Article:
This impressive Romanesque Revival depot suggests how important railroad transportation was to the growth of Fond du Lac. The city became a terminal on the Chicago and North Western Railway’s route between Green Bay and Sheboygan, and the company’s repair shops and switching station in north Fond du Lac employed many area residents. The railroad constructed this polychromatic depot, with sections for passengers and baggage and express freight, the latter greatly enlarged in 1916. Under a wide roof overhang, supported by oversized knee braces and simple square posts, broad arches punctuate the passenger depot’s walls. Each arch surrounds a doorway crowned by a semi-elliptical transom and flanked by windows whose outer curve follows the line of the arch. The red brick walls contrast with the rock-faced limestone foundation, quoins, and octagonal bay window, which once housed the ticket and telegraph office. The bay extends through the hipped roof as an octagonal brick tower with a tent roof. Originally, as typical for the time, there were separate waiting rooms for women and men. In 1916, reflecting new perceptions of American women, both sexes could wait in the first room, and the second became a smoking room. Frost was a noted depot architect; the depot was built by Grace and Hyde Contractors.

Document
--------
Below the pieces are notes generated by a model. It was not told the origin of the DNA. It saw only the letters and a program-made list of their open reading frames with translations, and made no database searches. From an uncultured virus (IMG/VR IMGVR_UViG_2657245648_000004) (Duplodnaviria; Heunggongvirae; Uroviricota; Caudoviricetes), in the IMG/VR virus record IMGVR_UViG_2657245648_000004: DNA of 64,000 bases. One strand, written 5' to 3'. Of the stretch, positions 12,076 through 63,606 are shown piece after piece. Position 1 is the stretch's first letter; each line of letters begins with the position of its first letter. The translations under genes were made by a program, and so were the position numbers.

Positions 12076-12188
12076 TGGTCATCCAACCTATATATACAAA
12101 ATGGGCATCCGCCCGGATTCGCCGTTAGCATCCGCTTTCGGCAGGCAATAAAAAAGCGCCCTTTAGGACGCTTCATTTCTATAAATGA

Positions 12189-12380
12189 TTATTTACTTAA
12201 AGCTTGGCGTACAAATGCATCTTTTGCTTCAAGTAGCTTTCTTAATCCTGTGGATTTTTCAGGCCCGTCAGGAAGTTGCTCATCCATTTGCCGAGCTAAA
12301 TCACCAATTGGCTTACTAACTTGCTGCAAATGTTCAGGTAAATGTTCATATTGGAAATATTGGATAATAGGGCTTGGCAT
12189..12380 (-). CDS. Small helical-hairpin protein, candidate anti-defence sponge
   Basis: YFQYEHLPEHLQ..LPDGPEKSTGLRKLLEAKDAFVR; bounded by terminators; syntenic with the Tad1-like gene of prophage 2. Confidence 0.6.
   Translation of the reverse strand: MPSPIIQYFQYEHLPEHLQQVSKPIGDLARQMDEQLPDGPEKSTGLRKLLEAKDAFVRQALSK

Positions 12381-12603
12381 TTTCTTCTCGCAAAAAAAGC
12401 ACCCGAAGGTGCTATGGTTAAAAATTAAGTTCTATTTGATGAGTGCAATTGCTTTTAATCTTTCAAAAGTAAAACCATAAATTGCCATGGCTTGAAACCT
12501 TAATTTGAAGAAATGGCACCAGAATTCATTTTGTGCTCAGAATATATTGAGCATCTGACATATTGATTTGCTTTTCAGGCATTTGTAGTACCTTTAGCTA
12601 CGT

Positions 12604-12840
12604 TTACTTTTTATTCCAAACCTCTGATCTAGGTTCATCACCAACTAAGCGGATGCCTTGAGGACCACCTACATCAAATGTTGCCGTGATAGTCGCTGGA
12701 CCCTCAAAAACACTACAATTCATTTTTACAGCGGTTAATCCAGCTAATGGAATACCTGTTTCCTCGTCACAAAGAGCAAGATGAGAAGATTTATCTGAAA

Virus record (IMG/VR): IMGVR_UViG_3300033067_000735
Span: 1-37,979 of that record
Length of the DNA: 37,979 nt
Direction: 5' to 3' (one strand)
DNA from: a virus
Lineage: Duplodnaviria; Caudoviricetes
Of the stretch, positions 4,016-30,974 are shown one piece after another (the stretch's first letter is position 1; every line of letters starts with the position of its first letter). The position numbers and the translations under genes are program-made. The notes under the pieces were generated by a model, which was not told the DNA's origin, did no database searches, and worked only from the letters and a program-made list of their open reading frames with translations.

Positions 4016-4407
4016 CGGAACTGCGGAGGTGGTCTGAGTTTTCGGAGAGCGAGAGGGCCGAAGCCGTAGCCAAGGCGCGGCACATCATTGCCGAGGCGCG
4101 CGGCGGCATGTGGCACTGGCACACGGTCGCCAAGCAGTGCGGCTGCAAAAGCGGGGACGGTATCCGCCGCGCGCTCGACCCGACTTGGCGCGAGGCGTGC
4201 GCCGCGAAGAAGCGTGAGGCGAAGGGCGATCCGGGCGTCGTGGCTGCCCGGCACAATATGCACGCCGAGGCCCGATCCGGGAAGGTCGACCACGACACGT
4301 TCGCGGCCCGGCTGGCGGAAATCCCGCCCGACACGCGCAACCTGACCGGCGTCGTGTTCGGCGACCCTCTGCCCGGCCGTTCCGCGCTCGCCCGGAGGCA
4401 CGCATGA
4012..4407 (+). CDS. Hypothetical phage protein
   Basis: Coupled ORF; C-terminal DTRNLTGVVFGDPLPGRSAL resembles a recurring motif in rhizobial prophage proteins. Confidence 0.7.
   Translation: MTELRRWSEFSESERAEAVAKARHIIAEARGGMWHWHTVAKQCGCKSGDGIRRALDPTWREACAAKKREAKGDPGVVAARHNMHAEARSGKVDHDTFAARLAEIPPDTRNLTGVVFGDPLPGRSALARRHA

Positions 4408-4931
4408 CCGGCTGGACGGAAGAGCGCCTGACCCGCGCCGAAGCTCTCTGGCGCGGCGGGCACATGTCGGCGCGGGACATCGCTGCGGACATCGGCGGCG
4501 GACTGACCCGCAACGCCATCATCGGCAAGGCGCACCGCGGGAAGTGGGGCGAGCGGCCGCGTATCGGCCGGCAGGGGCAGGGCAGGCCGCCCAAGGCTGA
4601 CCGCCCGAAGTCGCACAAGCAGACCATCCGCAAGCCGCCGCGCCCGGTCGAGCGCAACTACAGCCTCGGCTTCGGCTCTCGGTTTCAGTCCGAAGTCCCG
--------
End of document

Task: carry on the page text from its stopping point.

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Kreugers Depot (Fond du Lac Depot, Chicago and North Western Railway)
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